Persons, places and things: ‘To Mom, I love you very much’


More than 2,500 miles from home, while visiting a school for children with special needs in Ciudad Juarez, Mexico, I studied a student’s drawing of a loved one with a round head and a stick body. The drawing resembled the artwork of Colin, my adult son with autism, and the thought of the similarities rested in my heart.



God’s grace helped me to outgrow my longing for Colin’s artistic skills to develop beyond those of a young child and to see the beauty of the love that his drawings convey. A passage from the Book of Wisdom, the first reading for Nov. 12, comes to mind: “Now if out of joy in their beauty they thought them gods, let them know how far more excellent is the Lord than these; for the original source of beauty fashioned them” (Wisdom 13:1-9).

God, the original source of beauty, fashioned each one of us, a reality I hope to contemplate daily in my interactions with others. Admittedly, the distractions and occasional frustrations of the day cause me, at times, to lose sight of the fact that each person with whom I interact has been fashioned by God. Sometimes, that person with whom I interact in frustration is a member of my own family!

When I returned home from the border immersion experience that included the visit to the school in Ciudad Juarez, Colin seemed especially grateful to see me. Over the years, I have teased him that he loves his brother more than he loves his mother. Patrick is the first person Colin asks about and wants to see.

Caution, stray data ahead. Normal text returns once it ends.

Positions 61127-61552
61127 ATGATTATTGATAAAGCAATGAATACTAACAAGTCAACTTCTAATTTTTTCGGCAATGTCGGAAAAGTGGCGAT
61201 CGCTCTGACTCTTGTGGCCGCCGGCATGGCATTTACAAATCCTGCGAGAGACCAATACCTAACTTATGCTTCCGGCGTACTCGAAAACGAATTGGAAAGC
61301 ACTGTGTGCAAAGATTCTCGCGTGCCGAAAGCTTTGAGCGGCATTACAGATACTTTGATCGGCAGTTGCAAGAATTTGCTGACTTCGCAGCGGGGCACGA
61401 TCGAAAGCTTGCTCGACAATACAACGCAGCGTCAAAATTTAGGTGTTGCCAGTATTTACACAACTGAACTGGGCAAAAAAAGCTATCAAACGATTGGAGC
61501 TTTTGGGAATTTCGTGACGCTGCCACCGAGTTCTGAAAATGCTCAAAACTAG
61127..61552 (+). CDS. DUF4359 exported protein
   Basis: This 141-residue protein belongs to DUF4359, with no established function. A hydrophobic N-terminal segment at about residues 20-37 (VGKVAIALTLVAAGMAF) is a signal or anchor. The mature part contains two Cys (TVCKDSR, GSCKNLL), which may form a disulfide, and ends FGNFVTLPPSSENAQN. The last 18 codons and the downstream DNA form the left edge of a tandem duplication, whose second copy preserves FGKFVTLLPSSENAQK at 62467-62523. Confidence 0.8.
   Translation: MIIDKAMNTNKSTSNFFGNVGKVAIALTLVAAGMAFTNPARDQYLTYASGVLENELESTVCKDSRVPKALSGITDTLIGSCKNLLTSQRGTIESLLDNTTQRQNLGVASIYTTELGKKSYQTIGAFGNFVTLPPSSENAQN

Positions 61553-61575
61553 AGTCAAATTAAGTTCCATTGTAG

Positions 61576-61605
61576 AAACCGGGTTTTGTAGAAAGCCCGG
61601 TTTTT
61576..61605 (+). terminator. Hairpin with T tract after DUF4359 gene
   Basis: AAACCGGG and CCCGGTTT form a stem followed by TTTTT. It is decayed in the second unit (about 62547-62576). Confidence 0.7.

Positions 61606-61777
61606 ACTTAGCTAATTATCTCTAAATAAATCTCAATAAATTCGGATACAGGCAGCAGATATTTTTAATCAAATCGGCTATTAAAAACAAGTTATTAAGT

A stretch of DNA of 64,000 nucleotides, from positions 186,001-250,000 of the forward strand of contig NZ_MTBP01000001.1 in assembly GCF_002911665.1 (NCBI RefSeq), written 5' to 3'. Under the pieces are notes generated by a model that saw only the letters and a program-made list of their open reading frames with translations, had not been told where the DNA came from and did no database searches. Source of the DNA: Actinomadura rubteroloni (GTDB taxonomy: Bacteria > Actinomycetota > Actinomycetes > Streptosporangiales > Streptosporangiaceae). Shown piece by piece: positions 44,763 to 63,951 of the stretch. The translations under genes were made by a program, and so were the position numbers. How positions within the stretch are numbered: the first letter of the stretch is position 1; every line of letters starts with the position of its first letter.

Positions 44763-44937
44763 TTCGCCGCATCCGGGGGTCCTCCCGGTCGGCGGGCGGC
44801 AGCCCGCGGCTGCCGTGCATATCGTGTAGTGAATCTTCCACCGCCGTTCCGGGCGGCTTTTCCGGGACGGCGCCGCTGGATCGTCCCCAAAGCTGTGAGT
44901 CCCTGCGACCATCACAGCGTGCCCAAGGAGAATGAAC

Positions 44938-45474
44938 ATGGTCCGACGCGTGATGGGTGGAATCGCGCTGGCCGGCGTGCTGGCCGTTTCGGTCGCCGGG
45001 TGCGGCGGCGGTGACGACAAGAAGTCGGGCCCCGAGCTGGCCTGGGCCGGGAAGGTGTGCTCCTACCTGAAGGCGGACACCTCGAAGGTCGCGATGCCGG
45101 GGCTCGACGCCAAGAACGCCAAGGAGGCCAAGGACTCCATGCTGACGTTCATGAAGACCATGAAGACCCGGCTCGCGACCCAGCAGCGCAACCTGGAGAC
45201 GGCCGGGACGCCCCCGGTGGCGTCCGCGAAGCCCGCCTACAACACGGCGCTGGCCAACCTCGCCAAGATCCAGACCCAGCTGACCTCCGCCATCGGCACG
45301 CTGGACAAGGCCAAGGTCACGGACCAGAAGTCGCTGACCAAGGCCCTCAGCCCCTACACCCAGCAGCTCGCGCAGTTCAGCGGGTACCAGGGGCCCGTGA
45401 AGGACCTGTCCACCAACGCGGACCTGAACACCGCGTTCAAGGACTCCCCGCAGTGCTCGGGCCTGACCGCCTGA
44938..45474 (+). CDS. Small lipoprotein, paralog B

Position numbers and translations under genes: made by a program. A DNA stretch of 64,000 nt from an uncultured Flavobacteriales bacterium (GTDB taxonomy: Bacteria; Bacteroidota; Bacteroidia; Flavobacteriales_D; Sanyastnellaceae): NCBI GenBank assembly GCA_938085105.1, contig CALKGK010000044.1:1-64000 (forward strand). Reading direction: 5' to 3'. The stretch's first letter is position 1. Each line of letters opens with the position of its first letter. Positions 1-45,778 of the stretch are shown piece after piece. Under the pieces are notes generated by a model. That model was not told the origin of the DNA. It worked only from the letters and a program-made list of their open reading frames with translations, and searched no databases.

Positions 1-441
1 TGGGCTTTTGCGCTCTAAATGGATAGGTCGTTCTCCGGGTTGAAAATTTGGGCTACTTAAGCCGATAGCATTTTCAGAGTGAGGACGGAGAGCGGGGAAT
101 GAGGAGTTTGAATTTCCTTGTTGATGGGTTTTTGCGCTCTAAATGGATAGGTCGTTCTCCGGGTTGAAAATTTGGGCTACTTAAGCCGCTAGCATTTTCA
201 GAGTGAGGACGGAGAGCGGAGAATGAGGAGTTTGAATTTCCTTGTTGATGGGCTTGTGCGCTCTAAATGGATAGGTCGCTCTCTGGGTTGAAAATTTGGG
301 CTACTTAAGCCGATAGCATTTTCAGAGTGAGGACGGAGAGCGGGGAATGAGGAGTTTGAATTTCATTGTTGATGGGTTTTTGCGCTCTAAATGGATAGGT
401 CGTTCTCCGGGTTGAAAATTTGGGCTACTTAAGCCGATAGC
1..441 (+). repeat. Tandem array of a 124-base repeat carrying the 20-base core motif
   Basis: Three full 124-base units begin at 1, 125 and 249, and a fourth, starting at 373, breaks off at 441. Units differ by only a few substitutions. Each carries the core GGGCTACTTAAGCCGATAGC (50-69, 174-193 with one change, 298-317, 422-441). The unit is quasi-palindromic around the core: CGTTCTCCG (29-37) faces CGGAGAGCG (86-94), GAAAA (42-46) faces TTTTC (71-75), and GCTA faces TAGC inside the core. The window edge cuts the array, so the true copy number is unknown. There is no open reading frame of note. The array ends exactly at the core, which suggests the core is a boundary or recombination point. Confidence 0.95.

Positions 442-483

On Nov. 12, which is Patrick’s birthday, we waited to celebrate with a pizza dinner until Colin finished his part-time janitorial job. He arrived at our house that evening with a couple of pizzas to bake, a birthday card for Patrick and a note for me. The folded note, written in Colin’s choppy printing, read, “To Mom, I love you very much.” The note touched me deeply.

We enjoyed our pizza dinner, bonded as a family and then Patrick took Colin home. The next morning, I found birthday cards for Patrick on the coffee table in our family room. He had forgotten to take them home. I noticed that the envelope containing the birthday card from Colin read, “To Patrick” and “To Mom.” I opened it up. On the top left side of the card, Colin wrote:

“Happy Birthday, Patrick. I am proud to be your brother.” At the bottom of the card, Colin had drawn a star before the message, “I love Mom too.” My heart swelled with love.
Patrick didn’t mind that his brother had included me in the birthday card. “I think it’s neat. Colin was thinking of both of us and he thought about it on his own,” Patrick told me.

The written notes, coupled with hugs and inquiries about how I’m doing, left me wondering about these exceptional displays of love. I asked my husband Steve, who suggested that ongoing changes might be a contributing factor. Colin started a new job a couple of months ago for the first time in a long time. His brother also started a new job a couple of months ago and my weeklong absence was out of the ordinary. The weather is changing and Thanksgiving and Advent are just ahead of us.

Expressions of love may be Colin’s way of coping with change and his gratefulness that his family is a constant in his life, a stabilizing reassurance in a chaotic world. The child at that school so far away in Ciudad Juarez may have felt the same way, drawing a portrait of love that all of us can understand and treasure.
(Contact Editor Barb Arland-Fye at

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